Traders’ request for free parking in New Forest towns to help business is turned down by council

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free parking new forest
The NFDC would lose £100,000 per month suspending car park charges

A REQUEST to suspend parking charges to encourage people to shop locally has been turned down by New Forest District Council.

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Ahead of non-essential shops reopening this week, Cllr Malcolm Wade, who represents Hythe and Dibden at a parish, district and county level, asked deputy leader Cllr Edward Heron if the council would consider keeping car parks free for up to two months.

Cllr Wade told the A&T he had been contacted by traders who had asked him to bring the issue to the council’s attention. One trader said in an email: “We need people to shop local where possible and get used to a new normal way of life. We feel that leaving the parking for free over the next couple of months  would benefit us all and would show that we are doing all we can to help people shop local by not enforcing an added cost of parking charges to them.”

Speaking at an online meeting of the council’s environment overview and scrutiny panel on Thursday in last week, Cllr Wade, a Lib Dem, said: “In light of shops across the forest reopening and taking in to account that we want to support people shopping locally and the fragile financial situation of both the shops and the customers, would the district council consider removing car parking charges for a period of perhaps two months to encourage local shopping to help our traders?”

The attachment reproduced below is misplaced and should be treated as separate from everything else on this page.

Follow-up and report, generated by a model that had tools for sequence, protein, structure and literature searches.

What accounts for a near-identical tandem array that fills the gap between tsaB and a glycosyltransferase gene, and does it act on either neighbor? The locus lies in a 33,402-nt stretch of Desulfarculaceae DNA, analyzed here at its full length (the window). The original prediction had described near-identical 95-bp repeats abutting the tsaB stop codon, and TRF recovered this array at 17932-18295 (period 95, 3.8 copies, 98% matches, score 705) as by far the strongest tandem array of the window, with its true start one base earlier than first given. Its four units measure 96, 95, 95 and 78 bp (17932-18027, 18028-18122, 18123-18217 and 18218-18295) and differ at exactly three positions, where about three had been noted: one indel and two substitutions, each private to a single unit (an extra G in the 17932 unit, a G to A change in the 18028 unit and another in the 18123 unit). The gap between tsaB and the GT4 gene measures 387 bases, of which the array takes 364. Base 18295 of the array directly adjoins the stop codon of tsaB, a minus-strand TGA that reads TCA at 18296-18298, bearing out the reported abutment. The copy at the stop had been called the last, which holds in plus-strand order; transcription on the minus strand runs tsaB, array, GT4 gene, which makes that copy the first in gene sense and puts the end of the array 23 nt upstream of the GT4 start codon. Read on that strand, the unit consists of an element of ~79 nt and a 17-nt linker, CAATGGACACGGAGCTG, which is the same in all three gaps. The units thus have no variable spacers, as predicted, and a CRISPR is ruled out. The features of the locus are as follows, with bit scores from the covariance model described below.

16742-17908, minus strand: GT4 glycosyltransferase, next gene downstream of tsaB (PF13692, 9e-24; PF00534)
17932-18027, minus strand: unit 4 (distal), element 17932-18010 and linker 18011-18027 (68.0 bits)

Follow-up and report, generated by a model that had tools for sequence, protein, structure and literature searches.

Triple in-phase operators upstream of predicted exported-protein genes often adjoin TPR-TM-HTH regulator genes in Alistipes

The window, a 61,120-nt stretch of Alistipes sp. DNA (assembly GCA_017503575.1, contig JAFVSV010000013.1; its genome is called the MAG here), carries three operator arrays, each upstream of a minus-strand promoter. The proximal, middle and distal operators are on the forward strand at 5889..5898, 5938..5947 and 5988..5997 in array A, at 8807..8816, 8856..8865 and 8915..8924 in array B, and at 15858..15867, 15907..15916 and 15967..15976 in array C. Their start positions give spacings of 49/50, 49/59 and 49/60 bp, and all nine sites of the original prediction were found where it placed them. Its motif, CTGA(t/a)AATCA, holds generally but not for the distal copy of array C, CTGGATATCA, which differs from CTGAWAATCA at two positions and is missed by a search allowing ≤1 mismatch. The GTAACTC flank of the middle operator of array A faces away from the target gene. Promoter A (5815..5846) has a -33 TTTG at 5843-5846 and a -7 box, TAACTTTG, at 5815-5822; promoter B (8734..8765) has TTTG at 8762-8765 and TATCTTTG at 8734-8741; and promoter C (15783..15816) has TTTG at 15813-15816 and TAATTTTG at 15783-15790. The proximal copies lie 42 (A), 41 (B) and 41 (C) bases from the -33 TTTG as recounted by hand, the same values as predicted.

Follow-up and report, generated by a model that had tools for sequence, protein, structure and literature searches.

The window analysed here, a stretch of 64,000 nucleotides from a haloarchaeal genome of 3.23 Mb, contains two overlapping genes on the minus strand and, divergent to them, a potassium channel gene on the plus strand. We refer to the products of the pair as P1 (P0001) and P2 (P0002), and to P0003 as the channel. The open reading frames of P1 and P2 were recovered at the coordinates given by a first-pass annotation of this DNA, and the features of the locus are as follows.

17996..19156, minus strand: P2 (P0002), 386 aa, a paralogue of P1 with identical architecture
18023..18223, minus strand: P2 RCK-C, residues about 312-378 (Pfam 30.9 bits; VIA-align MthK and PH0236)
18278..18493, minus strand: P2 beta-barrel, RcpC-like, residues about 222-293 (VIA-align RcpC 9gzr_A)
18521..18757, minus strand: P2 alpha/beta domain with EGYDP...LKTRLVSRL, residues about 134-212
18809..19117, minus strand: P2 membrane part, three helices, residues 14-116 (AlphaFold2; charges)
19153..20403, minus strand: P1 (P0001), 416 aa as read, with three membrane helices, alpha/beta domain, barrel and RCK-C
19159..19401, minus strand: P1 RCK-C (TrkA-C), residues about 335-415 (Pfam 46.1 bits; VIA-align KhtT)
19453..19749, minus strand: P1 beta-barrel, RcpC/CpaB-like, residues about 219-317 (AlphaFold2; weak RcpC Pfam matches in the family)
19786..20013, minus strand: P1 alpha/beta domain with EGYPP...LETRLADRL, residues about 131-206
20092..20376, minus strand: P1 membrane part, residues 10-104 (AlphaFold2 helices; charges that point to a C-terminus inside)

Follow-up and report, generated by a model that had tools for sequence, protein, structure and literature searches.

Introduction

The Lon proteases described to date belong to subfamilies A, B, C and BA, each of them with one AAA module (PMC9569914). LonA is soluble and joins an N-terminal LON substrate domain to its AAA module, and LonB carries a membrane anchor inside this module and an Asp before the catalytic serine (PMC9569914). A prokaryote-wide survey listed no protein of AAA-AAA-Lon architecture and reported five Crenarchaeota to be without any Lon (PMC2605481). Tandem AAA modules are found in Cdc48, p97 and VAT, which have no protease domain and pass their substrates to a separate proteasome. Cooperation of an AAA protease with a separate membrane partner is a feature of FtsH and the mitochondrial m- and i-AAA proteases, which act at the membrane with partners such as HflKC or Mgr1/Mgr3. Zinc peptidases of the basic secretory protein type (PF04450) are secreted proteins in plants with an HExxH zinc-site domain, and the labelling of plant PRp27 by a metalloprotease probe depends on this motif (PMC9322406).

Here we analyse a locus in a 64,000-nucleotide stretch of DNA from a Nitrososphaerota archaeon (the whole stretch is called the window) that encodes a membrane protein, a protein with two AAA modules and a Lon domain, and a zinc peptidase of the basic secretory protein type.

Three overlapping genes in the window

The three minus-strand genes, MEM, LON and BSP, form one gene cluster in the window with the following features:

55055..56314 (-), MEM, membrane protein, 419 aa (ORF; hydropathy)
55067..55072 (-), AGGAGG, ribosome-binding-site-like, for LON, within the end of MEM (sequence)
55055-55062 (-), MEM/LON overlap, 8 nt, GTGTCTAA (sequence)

However, Cllr Heron, who is also the cabinet member for planning and transportation, said the Conservative-run council had already lost £400,000 in car parking charges due to coronavirus.

He said: “I obviously share with Cllr Wade the concern about all the businesses in the New Forest that have suffered tremendously and are still suffering, but I would also say so has this council during the period of closure.”

The council’s deputy chief executive and executive head of operations, Colin Read, told the meeting that the council would lose a further £100,000 per month if the car parks did not resume charging motorists.

Mr Read added: “The loss of the income would be two-fold: the money in the meters and also how we would deal with people who have already bought pre-paid clocks.”

Cllr Heron added the NFDC car parking clocks, which cost £25 per year, were “exceptional value”.

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